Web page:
Welland & Gillespie

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Welland & Gillespie. William John Welland (c.1832–95) and William Gillespie (d. 1896) were appointed joint architects to the Ecclesiastical Commissioners of the Church of Ireland on the death of the former's father, Joseph Welland (1798–1860—a pupil and assistant of Bowden, who became architect to the Board of First Fruits for the Province of Tuam in 1821). When the Board was reconstituted as the Ecclesiastical Commissioners in 1833, Joseph Welland retained his position, but his duties were expanded in 1843 to take over responsibility for all Anglican Church work in Ireland, thus during the early-and mid-Victorian period he became the most important architect working for the Church, designing over 100 new churches and supervising alterations, repairs, and enlargements to many buildings, and there is no county where his works cannot be viewed (e.g. St Swithin, Magherafelt, Co. Londonderry, consecrated 1858— his finest building). Welland & Gillespie inherited this important post before Disestablishment, and carried out an immense amount of new church-building, much of it of very fine quality, often with plate-tracery and quirky details (e.g. St Matthias, Ballyeglish (1865–8— with polychrome treatment and apsidal chancel), and St John, Woodschapel (1860–70—of basalt with freestone dressings), both in Co. Londonderry, and Christ Church, Derriaghy, Co. Antrim (consecrated 1872—with a slim steeple set at 45° to the axis of the nave).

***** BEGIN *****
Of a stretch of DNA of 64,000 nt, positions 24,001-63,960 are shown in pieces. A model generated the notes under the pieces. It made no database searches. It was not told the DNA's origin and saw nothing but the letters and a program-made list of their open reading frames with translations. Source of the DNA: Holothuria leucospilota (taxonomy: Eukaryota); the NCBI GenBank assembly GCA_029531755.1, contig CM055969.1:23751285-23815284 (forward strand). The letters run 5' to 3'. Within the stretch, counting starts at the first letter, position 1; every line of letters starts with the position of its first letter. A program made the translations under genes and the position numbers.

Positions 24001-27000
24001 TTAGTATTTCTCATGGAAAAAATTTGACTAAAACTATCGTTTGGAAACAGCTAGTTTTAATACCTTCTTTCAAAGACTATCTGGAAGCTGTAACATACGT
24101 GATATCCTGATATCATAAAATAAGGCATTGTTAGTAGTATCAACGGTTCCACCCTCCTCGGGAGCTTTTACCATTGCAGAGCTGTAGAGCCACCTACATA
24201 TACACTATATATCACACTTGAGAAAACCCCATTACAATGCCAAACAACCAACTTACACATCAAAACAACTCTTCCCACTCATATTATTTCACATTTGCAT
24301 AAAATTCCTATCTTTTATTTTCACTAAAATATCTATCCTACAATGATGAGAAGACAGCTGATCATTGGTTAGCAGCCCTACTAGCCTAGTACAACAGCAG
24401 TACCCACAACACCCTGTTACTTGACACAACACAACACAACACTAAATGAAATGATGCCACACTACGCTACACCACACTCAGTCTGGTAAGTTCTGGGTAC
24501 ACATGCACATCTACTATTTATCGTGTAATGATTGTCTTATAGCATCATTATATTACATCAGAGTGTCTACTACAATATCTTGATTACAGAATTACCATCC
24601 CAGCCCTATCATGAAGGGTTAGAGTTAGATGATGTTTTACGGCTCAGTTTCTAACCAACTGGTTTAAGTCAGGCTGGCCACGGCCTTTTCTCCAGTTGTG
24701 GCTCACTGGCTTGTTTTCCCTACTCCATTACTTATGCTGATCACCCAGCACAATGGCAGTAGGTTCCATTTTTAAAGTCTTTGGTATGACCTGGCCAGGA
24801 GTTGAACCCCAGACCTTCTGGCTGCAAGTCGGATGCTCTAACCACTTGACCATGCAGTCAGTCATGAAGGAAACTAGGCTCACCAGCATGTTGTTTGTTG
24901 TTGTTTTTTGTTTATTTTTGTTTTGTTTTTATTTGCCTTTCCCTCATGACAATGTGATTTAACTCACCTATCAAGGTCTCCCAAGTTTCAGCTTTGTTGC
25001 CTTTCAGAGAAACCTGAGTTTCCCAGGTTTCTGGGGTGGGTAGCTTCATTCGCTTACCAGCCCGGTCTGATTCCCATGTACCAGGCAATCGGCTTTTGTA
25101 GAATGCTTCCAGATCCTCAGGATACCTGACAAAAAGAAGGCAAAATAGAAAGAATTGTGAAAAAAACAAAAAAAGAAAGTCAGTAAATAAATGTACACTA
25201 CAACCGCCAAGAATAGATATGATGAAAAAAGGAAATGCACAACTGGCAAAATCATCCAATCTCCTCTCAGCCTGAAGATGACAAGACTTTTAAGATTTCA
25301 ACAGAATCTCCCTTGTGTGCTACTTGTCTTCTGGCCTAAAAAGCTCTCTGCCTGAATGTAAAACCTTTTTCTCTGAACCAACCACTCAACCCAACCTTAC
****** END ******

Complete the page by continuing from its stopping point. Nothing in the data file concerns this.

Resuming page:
Brett (1996, 1999, 2002);
J. Curl (1986);
Rowan (1979)